Cocoon turns to community to continue phone safety net

Visitors tour rooms for families at Cocoon.


BG Independent News


For years, Verizon has provided a lifeline to survivors of domestic violence. But the company will soon be discontinuing its phone donation recycling program called HopeLine.

Locally, the program has helped domestic violence survivors served by The Cocoon. In the last two years, the local shelter has received between 100 and 150 phones with pre-paid minutes and text messaging, said Kathy Mull, executive director of The Cocoon.

“It’s really been a benefit to us in supporting survivors who we serve,” Mull said on Friday. “It really does provide a valuable service.”

The cell phones play a vital role in several survivors’ safety plans. Phones can help victims of abuse feel safer and less isolated by giving them a way to call emergency or support services, employers, family and friends.

But on Dec. 31, that HopeLine program will be ended by Verizon.

The change is being attributed to several factors, including a decrease in phone donations as more customers opt to trade in older cell phones for newer models, and also by the declining availability of feature phones, which had been provided to domestic violence survivors by the HopeLine program.

So The Cocoon is looking for other phone options. Mull explained that the agency works with survivors to get their own sustainable resources. But in the meantime, The Cocoon will be turning to the community for help.

“We are really exploring all of our options,” Mull said.

The Wood County community has been very supportive of the domestic violence agency, and Mull is hoping that response continues for this need.

“We will be asking the community to donate to help folks who don’t have other options – to provide them with that safety net,” Mull said.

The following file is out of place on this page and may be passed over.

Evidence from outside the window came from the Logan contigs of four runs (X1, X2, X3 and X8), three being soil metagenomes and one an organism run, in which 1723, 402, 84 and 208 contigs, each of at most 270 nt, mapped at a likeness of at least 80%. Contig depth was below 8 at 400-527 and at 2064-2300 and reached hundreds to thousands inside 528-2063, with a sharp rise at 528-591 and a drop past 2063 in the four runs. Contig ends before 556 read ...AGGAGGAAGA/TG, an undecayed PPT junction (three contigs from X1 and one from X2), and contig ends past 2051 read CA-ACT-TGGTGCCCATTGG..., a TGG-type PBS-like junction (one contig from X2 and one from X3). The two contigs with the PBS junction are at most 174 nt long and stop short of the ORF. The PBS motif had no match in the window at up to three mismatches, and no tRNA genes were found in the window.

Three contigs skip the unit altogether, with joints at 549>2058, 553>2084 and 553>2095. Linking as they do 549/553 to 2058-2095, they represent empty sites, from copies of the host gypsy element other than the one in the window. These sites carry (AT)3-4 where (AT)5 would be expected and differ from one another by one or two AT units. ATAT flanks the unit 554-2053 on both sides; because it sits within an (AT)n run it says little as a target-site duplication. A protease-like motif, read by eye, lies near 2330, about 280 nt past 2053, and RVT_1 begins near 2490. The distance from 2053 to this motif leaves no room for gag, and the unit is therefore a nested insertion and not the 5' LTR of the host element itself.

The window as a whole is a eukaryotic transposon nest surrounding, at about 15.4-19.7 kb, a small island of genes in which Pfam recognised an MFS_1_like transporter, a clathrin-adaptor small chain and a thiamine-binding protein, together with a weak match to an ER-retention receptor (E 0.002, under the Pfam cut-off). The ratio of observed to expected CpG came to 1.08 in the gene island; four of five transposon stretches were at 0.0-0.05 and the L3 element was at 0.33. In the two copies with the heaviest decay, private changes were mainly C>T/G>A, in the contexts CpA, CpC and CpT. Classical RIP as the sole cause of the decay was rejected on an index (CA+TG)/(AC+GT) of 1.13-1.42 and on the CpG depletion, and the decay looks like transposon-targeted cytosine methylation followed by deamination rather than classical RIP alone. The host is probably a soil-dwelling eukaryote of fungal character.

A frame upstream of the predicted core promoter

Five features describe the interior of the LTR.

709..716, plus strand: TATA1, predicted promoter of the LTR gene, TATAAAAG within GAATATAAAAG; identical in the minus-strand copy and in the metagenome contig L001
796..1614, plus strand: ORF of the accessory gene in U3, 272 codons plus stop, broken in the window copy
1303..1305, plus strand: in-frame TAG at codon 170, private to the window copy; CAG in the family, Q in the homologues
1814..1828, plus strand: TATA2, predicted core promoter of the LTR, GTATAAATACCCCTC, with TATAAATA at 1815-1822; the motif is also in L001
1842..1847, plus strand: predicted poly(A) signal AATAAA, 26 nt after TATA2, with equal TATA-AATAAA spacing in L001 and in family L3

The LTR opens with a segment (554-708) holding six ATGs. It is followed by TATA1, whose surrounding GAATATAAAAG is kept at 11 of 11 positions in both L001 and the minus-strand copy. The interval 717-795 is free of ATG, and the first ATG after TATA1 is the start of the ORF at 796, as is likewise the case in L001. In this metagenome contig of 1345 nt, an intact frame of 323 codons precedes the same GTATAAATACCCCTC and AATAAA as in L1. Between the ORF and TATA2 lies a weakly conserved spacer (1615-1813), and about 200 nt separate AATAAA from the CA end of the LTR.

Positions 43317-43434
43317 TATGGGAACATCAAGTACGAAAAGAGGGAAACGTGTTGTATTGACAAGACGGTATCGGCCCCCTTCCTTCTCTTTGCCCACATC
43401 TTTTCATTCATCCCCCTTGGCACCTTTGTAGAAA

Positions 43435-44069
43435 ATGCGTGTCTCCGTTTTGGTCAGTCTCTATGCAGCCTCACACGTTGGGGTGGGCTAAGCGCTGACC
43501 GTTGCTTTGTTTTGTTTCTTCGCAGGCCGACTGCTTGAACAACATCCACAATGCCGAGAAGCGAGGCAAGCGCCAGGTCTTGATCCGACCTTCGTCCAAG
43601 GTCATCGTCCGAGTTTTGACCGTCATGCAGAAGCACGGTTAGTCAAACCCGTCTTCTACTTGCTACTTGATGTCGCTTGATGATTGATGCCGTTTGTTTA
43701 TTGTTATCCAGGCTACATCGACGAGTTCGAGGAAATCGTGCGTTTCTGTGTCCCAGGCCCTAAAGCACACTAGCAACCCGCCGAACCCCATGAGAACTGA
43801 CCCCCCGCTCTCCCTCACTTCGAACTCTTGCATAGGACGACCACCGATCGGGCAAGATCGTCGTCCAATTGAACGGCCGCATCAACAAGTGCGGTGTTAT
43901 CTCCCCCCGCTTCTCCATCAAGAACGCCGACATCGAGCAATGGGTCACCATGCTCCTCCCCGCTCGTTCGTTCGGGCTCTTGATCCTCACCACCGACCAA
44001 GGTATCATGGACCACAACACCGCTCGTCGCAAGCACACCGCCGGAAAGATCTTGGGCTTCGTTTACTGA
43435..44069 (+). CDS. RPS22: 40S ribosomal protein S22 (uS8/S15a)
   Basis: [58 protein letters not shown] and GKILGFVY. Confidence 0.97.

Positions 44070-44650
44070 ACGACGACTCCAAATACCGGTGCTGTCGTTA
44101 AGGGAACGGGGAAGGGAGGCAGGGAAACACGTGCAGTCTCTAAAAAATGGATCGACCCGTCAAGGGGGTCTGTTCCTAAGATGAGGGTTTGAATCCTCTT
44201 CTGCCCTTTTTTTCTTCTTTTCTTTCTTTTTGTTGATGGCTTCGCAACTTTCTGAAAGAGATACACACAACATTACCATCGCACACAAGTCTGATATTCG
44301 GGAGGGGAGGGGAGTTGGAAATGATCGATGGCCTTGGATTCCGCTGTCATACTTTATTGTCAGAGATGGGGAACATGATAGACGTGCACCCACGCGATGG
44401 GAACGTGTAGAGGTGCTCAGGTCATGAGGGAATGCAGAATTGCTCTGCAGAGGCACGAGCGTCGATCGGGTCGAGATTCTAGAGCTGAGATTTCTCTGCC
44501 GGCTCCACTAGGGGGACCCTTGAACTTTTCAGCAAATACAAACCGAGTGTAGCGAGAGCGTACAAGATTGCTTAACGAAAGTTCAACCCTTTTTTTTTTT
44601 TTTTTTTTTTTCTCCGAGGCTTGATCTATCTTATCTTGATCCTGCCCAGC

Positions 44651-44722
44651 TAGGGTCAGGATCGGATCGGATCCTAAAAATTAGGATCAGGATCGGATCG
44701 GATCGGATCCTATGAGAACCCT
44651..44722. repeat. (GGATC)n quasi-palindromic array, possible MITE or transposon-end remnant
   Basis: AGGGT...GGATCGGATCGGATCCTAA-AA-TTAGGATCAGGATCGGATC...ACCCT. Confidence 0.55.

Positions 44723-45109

Anyone interested in donating old cell phones with pre-paid minutes may call The Cocoon office at 419-373-1730 to arrange a drop-off. Phones may also be dropped off at St. Mark’s Lutheran Church on South College Street in Bowling Green.

“The community has been really gracious to us,” Mull said.

Though the end of Verizon’s HopeLine program is unfortunate, Mull said she is thankful for all the company has done for survivors of domestic violence.

“We are extremely grateful for Verizon,” she said.

It is estimated that in the U.S., one in every four women and one in every seven men have experienced severe physical violence from an intimate partner, and each year more than 15 million children witness violence in their homes.

Verizon Wireless’ commitment to preventing domestic violence began in 1995 when the company, then Bell Atlantic Mobile, introduced its HopeLine program. At its beginning, the HopeLine program donated voicemail boxes to victims of domestic violence living in shelters. The program also donated emergency wireless phones for victims’ use.

In 2001, national recycling and re-use became key elements of the HopeLine program, as Verizon encouraged customers and the public nationwide to donate no longer used cell phones.

In 2002, Verizon launched #HOPE nationwide. By dialing #HOPE on any Verizon wireless phone, victims of domestic violence are able to access the National Domestic Violence Hotline at no cost.

Wireless phones given to HopeLine are refurbished and sold for reuse, generating proceeds for the program. Refurbished phones – complete with 3,000 minutes of wireless service – are provided to local domestic violence organizations or local government and law enforcement agencies for use with their domestic violence clients.

Though the HopeLine program is ending, Verizon will continue to support domestic violence survivor programs in other ways, according to the company.

Verizon will continue its support of Camp Hope, a national youth program focused on ending the cycle of generational violence; will still support the #Hope feature, which allows any Verizon Wireless customer to connect to the National Domestic Violence Hotline simply by dialing #Hope on their mobile phone; and will provide grants to leading nonprofit organizations, focusing on organizations that support victims and survivors of domestic violence and those that strive to prevent it.